MINDBODY has a wonderful app to locate studios, get times, and sign-up in advance
Show-up 15 minutes early – as a new student, there may be paperwork and it is nice to introduce yourself to the space. Set yourself up for success and arrive early.
What about the heat? Yes, many times yoga is done in a warm or heated room. There are a few reasons for this. First, the heat helps warm our bodies and our muscles and therefore creates a bit more flexibility. In addition, the heat is an element that helps build strength in your mind. It is natural to want to “get out” of the pose, or even the room.
Focus on your breath, and do your best. Might be a good idea to bring water and a towel.
Set-up in the back of the room. Locate the front of the room, and where the instructor will be, and then try your best to be in the middle or back row. This way, you can have some guidance from those around you when you move.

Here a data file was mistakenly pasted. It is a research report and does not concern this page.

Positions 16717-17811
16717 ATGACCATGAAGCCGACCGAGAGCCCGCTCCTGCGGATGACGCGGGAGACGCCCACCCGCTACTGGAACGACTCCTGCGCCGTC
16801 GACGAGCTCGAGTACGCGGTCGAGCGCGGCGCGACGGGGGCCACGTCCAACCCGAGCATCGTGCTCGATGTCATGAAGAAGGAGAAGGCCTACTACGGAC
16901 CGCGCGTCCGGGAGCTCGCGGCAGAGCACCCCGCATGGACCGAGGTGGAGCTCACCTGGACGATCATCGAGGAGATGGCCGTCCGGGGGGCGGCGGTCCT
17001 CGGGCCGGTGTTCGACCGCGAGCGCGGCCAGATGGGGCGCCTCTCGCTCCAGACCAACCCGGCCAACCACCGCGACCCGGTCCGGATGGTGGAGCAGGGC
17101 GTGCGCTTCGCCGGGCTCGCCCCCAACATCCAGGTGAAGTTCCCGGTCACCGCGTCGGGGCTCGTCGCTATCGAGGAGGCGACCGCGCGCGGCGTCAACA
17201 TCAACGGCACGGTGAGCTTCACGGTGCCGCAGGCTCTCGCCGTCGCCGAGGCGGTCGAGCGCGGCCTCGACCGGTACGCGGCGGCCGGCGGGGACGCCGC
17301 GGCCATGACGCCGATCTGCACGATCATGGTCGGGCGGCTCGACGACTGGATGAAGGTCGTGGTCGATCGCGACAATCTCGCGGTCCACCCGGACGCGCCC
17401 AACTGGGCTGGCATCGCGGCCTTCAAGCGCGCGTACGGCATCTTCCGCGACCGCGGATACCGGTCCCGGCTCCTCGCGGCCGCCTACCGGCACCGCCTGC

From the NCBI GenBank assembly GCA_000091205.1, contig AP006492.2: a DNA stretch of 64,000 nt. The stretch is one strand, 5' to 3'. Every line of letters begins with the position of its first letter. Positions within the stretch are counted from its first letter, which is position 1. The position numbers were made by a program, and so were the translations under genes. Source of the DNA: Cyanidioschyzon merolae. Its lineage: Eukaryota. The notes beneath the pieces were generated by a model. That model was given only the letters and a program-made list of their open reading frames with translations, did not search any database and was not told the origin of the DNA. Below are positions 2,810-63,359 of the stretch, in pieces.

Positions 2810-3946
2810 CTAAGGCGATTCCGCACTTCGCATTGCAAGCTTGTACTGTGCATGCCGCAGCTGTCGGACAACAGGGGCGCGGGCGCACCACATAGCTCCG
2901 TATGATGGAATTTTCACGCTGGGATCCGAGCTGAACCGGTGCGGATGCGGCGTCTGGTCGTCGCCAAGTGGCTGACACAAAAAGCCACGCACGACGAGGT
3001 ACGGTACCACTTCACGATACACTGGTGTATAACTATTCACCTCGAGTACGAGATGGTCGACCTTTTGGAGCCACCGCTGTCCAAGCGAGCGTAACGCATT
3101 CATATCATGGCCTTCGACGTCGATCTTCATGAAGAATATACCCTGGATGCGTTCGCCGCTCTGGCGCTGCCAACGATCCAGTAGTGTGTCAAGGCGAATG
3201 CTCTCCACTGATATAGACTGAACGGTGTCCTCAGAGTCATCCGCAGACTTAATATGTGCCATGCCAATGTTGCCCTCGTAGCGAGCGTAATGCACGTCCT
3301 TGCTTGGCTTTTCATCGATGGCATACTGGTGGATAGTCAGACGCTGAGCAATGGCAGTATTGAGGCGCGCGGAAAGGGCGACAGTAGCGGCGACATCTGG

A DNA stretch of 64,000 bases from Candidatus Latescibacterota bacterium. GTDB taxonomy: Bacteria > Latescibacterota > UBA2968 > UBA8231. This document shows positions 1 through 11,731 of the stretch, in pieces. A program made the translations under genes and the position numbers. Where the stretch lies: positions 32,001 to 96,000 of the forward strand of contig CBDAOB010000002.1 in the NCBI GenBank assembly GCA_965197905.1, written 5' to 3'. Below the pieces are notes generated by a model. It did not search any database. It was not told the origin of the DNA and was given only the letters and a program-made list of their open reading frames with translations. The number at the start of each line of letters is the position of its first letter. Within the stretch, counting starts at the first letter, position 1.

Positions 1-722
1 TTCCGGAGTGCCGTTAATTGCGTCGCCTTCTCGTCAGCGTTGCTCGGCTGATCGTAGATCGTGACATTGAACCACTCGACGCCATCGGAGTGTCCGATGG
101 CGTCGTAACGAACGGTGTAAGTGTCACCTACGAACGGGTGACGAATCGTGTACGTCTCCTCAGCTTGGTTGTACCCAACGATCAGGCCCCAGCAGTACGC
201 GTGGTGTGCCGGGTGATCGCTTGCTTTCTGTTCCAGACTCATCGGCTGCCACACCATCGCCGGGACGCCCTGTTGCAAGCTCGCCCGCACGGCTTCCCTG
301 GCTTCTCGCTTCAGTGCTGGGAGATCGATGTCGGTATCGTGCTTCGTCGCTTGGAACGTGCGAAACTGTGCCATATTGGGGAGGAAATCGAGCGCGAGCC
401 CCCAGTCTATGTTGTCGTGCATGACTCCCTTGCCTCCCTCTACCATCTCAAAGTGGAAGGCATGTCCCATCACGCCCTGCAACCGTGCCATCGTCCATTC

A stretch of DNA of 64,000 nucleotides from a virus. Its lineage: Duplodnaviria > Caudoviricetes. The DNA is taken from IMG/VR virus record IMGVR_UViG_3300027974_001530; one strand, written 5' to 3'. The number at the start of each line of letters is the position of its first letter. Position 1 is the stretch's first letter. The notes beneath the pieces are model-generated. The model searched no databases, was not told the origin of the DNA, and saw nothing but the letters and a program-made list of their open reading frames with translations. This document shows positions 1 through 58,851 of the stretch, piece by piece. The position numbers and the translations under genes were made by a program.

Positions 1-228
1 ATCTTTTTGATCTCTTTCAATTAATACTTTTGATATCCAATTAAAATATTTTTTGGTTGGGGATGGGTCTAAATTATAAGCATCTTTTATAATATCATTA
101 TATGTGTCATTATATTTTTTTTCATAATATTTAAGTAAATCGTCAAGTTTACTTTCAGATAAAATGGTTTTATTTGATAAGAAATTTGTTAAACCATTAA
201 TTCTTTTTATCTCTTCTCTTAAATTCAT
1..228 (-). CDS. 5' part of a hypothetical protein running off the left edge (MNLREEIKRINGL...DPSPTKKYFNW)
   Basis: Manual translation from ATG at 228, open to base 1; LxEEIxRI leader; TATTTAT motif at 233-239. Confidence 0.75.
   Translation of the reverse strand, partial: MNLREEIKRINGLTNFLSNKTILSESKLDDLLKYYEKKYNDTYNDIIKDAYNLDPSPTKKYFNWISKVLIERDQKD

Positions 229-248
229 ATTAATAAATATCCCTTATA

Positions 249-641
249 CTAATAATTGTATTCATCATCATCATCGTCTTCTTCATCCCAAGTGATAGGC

Take off your socks. Barefoot is always the best way to practice. Practicing barefoot not only builds the muscles in your feet, but it also helps you settle into the pose without slipping. (NO ONE is looking at your feet, except you)
Props – feel free to grab blocks (these are used for bringing the floor closer in poses) – if straps, a bolster, or a blanket is needed often times the instructor will indicate this. If you are renting a mat – ask where the mat rentals are
Child’s pose – resting pose – often cued at the start of class – this is a pose you can come to at any time. Remember it, and find it when you need it.
Listen to words – this is one I find most often with new students. When you are not sure what the teacher said, sure, let your eyes wander for a moment to check it out, but try your very best to listen instead of looking. Listen in to the words you hear, and listen to how you feel in your body. Take this time to rest your eyes – maybe even challenge yourself and close them
Adjustments / Assisting – sometimes (not always), the teacher will assist students in the pose (this can be done in the form of corrections or deepening). If you do not wish to be touched – inform the instructor. If you are touched, again, the entire class is not watching, there is no need to be embarrassed – it is a practice and we are all learning every day.